According to the Oxford American Dictionary, to "capitalize" on something means "to take the chance to gain advatage from something." Again, I don't say this to make Mojo sound cruel or anything; I say this to make the owner of Mojo sound incredibly smart. She was a chef by trade, yet she runs a store filled items and services that are outside of her professional skill set. Granted, I don't know this woman, but from what the salesgirl alluded to and what I can see in the store, it would be my guess that the owner does not get down and "create" all that stuff herself. She's not sewing those cute tote bags, she's not crafting all the jewelry in those displays, she's not painting anyone's nails, and I don't think she's molding those soaps. She's probably being a good boss lady and running her business. In other words, she's capitalizing on other people's talents by putting all the puzzle pieces together for them and her customers, in the form of her store.

I think this so important for females who want to start their own businesses, because more often than not, women get into the trap that they have to be both the creator and the seller of a product or service. They get so attached to what it is that they're producing that they can't step outside of their one-person operation to make some real money. The truth is, you will make more money and spend less energy if you capitalize on, i.e. put the pieces together, for someone else's talent instead. If you do this correctly, this is a mutually beneficial business arrangement. The talent makes money and gets exposure they otherwise might not have while the business owner capitalizes on the talent's success. Producers make more than the artist. Publishers make more than the authors. The salon makes more than the hairdresser. The agency makes more than the models. The restaurant makes more than the chef. And Mojo makes more than the individual brands/service providers sold in that store, which is why Mojo is a success.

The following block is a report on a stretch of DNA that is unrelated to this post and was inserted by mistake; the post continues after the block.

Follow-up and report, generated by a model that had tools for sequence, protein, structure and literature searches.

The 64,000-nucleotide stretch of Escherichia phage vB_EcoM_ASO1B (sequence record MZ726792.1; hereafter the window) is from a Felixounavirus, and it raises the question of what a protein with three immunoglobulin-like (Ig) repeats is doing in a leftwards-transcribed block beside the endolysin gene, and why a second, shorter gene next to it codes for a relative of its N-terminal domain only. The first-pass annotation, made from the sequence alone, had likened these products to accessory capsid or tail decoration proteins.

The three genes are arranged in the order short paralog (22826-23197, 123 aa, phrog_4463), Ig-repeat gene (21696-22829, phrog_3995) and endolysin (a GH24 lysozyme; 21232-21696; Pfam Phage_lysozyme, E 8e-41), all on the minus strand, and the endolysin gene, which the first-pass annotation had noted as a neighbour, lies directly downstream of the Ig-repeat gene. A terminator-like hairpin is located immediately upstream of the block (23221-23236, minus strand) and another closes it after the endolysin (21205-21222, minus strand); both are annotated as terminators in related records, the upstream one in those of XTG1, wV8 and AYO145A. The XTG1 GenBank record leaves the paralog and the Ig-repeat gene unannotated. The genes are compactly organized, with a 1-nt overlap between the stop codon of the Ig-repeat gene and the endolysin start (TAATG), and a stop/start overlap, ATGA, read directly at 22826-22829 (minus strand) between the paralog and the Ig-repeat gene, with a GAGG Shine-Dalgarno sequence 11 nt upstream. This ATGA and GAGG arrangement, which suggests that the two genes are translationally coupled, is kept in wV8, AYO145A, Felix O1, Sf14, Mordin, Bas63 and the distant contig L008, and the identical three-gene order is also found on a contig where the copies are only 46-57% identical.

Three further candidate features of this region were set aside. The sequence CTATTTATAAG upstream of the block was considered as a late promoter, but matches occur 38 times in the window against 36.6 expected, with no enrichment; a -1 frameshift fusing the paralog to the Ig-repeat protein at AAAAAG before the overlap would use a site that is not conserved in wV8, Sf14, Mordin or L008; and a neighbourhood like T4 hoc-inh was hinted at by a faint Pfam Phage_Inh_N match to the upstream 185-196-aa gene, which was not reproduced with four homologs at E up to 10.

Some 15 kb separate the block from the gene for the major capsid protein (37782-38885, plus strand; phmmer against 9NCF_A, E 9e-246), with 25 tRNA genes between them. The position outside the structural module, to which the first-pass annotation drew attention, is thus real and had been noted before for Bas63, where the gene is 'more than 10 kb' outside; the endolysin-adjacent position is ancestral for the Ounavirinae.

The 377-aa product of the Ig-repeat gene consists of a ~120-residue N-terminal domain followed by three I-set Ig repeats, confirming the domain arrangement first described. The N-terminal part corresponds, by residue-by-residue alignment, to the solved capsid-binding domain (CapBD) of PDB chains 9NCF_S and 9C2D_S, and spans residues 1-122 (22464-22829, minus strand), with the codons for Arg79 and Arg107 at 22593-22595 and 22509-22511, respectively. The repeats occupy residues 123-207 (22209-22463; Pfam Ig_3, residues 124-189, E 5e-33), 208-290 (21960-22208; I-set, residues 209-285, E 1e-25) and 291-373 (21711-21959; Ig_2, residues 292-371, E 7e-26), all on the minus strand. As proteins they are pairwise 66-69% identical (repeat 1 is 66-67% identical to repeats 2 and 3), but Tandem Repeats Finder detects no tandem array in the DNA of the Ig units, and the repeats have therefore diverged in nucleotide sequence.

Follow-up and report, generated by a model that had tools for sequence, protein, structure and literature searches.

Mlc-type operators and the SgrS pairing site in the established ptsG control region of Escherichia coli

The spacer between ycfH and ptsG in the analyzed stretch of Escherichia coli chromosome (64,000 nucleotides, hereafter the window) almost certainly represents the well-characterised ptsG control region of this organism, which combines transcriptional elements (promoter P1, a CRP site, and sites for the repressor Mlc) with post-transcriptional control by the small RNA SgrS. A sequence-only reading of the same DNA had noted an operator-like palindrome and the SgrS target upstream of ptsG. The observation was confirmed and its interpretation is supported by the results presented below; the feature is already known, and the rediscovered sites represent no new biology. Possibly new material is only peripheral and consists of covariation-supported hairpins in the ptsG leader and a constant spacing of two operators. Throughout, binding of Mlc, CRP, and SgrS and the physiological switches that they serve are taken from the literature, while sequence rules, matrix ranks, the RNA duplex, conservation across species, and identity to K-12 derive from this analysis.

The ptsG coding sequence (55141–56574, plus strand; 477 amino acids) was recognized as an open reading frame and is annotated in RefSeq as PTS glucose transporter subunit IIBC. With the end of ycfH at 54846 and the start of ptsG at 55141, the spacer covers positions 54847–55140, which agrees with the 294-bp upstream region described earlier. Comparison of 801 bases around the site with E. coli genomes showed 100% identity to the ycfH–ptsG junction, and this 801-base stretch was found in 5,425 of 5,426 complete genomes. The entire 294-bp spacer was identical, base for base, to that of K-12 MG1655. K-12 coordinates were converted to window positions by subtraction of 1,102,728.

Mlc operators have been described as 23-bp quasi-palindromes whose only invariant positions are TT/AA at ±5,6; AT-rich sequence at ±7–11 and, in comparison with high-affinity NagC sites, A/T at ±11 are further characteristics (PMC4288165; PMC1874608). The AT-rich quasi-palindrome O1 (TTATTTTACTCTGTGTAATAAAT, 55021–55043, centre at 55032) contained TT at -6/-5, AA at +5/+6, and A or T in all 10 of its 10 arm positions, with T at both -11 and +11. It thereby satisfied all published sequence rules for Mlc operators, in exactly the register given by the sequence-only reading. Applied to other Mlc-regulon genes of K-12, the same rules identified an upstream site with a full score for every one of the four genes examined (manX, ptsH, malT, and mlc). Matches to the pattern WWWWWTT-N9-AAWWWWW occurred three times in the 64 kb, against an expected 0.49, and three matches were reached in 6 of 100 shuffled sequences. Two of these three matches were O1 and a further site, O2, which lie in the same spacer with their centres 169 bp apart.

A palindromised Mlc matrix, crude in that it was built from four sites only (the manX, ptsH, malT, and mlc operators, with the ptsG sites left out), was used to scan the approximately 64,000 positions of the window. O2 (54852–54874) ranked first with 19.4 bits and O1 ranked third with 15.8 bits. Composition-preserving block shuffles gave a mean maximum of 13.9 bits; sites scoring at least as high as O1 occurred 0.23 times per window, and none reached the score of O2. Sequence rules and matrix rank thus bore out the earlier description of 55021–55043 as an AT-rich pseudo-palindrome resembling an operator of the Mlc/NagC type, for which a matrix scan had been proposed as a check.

So with all that in my head (I'm a nerd, I know. I try to find the business case study in everything...) I decided I want to start The Lemon Bar. The Lemon Bar will be a series of events done on campus and in the city, that features local boutique clothiers, natural beauty products, and other local products and services of interest to young women. The Lemon Bar will take a commission for every item sold during the event, and will feature local female entrepreneur as speakers to draw potential customers in. Cute snacks and drinks will be provided throughout the entire event, and The Lemon Bar will get local sponsorships in order to produce the event without charging admission.

This is important for me because the first business I ever started was natural beauty care line. It ultimately failed; however, because I was formulating the products, mixing the products, packaging the products, marketing the products, and selling the products ALL BY MYSELF. I didn't know the value in creating a business model that capitalized on talent outside of myself, but now I do.

The Lemon Bar is still a work in progress, but the point is to provide a chic experience a la Mojo Spa while capitalizing on the products and services of local vendors. It's a win for them because they have an opportunity to make sales they ordinarily might not have, and it's a win for me because I get a piece of every transaction made through my event.

It's called "The Lemon Bar" because lemons are "fresh" and we want the event to be a "bar for fresh taste". Personally, I think we can come up with a better name, but my partner and I have been brainstorming like crazy and we have yet to come up with anything better. Hopefully a better name will pop up soon...

What do you think of "The Lemon Bar"? Got a better name idea? Want to share your "boss lady" business idea with Think and Grow Chick? Share your comments below.